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Monday, 10 December 2018

Don't worry - we're winning

For me, it was 2007, when the smoking ban came into effect. That was the point at which I decided I was wholly opposed to all the overbearing bastards who legislated, regulated, spied, pried and prodnosed against me. The centre, the central State and its compliant agents in local government just couldn't help themselves grasping more and more power. That power had to come from somewhere; it came from us, the middle and working classes of Britain; we saw less and less control over our lives, our communities, our economies. 2016 was the first chance we had to fight back - and boy, we took it.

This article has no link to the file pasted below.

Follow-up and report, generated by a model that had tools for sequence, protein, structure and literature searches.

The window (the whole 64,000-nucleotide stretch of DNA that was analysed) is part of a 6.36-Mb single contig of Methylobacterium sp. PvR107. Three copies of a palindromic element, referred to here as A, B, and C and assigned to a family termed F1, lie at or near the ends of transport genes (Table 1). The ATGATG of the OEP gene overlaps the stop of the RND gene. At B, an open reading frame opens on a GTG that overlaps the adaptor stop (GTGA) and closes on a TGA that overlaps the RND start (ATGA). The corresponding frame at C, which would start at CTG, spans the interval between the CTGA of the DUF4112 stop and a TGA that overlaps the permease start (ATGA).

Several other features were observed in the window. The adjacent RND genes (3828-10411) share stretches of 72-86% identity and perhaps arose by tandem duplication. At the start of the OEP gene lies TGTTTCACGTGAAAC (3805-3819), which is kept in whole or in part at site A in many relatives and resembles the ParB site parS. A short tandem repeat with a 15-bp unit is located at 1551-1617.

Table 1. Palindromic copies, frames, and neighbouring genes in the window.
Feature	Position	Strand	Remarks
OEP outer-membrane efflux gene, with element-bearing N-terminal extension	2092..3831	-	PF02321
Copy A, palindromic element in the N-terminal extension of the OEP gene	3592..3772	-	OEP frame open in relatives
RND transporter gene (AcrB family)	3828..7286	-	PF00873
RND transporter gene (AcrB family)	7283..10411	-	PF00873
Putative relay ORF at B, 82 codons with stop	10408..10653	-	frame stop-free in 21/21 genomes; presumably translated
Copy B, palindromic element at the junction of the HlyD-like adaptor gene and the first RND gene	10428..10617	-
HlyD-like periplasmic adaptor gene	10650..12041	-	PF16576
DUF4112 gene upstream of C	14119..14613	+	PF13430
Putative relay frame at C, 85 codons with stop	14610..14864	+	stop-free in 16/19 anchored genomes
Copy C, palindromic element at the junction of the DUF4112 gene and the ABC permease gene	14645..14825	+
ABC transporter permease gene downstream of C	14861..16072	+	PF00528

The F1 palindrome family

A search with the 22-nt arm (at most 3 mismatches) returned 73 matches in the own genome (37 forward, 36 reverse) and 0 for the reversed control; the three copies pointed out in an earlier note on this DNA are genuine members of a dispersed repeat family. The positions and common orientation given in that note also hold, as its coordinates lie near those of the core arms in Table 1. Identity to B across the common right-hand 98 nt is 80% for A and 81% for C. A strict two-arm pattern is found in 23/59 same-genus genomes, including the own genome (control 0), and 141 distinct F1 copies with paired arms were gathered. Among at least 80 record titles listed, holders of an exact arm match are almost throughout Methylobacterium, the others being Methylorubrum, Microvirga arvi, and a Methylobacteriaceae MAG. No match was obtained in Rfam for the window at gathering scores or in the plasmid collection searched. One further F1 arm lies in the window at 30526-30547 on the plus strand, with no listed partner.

And yes, it was the EU that precipitated it all. Everything about the EU was contrary to 1500 years of British history, a history of a permissive society in which the law only intervened to prevent specific harms. European law, formed by an authoritarian papacy, a tyrant Napoleon and a dictatorial tradition culminating in power being taken by the EU, is restrictive. You are only allowed to do that which the State permits you to do. And they've covered all options - a serious offence here is 'Resisting State authority' - covering everything from running away from the police to refusing to dib your mates in.